limits set by extreme cold temperatures or ice cover
(Grodowitz et al. 1991; Owens & Madsen 1995; Ayres
& Lombardero 2000; Owens et al. 2004). Managers in the
northeastern United States are concerned that aquatic invasive species such as hydrilla (Hydrilla verticillata) and
water hyacinth (Eichhornia crassipes) will be able to
overwinter if temperatures increase, snowfall is reduced,
the frequency of freeze–thaw cycles increase or seasonal
ice cover melts earlier in the year (Hayhoe et al. 2007; U.S.
EPA 2008). Milder winters would not only increase survival but also create longer growing seasons, potentially
increasing reproductive output.
We also expect that, on average, dispersal traits and
other mechanisms enabling invasion will allow existing
invasives to expand their ranges into newly suitable habitat more quickly than native species. Species that shift
ranges quickly could have a competitive advantage if native populations become progressively poorer competitors for resources in a changing climate.
Range changes of several invasive species related to
climate already have been described. For example, on
the U.S. Pacific coast, 2 species of exotic ascidians
(Styela clava, Molgula manhattensis) have moved substantially northward in the last 20–50 years (Carlton
2000). This trend is similar for other exotic taxa, in-
cluding Cnidarians, bryozoans, crustaceans, and mollusks
(Carlton 2000). The distributions of invasive species are
particularly difficult to relate to climate, however, because they may not have had time to spread to their
climatic limits.
Altered Impact of Existing Invasive Species
Invasive species are a problem because they affect ecosystem properties, ecosystem processes, and community
structure (Perrings et al. 2000; Levine et al. 2003; Lodge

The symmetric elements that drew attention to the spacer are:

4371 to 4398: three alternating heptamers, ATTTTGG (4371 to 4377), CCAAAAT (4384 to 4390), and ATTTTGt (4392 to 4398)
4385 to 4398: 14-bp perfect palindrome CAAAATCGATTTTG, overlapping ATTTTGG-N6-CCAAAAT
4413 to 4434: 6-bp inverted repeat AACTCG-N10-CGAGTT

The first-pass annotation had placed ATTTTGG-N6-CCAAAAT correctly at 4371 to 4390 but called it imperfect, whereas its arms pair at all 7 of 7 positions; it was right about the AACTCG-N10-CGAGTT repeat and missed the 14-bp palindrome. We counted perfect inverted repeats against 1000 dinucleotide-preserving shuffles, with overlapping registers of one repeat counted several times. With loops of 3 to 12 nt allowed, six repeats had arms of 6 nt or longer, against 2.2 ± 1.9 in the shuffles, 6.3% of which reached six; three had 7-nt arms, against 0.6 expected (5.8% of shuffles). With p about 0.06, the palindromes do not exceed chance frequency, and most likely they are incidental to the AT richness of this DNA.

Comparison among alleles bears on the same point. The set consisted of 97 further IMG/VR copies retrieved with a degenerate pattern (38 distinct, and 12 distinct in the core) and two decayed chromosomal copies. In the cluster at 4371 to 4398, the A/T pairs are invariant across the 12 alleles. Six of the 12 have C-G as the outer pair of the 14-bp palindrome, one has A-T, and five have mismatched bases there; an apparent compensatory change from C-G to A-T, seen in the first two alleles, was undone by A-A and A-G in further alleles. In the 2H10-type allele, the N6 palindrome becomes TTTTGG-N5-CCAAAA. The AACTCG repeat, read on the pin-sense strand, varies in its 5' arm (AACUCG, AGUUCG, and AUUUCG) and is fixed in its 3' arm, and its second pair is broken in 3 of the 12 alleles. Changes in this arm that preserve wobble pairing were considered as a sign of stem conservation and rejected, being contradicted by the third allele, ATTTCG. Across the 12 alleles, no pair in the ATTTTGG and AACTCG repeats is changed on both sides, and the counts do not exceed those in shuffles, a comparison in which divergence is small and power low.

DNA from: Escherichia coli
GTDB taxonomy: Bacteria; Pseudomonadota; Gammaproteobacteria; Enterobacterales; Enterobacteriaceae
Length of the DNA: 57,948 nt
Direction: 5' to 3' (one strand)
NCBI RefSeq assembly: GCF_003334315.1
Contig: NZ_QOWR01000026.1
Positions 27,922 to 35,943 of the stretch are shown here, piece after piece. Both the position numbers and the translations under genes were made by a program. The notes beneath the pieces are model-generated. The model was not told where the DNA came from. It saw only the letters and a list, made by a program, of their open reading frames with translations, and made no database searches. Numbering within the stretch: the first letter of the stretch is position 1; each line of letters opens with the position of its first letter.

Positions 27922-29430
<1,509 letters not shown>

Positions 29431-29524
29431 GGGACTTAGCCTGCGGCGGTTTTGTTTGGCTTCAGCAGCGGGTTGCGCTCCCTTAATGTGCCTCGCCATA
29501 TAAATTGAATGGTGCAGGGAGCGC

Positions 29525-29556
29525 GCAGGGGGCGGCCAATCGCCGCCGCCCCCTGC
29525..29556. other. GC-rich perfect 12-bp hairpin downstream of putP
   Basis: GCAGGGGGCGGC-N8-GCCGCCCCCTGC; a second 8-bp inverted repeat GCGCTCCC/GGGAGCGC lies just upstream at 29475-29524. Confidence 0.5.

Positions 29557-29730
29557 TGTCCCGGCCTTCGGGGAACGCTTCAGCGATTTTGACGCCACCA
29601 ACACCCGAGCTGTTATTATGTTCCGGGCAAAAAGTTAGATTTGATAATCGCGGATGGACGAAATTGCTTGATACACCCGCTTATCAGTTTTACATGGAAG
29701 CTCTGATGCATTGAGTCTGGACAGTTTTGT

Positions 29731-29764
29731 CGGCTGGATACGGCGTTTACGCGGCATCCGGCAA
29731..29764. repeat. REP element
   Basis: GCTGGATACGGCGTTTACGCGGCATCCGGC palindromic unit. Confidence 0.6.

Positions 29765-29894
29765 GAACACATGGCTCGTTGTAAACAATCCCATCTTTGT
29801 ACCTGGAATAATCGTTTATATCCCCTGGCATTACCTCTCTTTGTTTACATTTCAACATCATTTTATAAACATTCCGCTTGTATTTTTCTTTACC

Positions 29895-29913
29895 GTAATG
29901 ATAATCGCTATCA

et al. 2006). The total impact of an invasive species on
a community, ecosystem, or resource can be defined
as the product of 3 terms: the size of the range occupied by the invasive species (its spatial extent), its average abundance within that range, and its per capita (or
per-unit biomass) impact (Parker et al. 1999). The significance of this impact on a target native species or resource
depends on the size of the native population or scarcity of
native resources, factors that may be affected by climate
change (Fig. 3).
A limited body of literature examines how climate
change could alter invasive species impacts via changes
in range, abundance, and per capita effect (Tables 1 & 2).
We discussed possible effects of climate change on range
sizes in sections above on climatic constraints and distribution of existing invasive species. Few researchers have
examined whether invasive species will become more
abundant with climate change, although there are several
reasons to think this may occur (Theoharides & Dukes
2007; Vila et al. 2007). Results of one study show that
warmer winter conditions lead to earlier and increased
recruitment of non-native tunicates, facilitating their expansion and dominance in New England coastal waters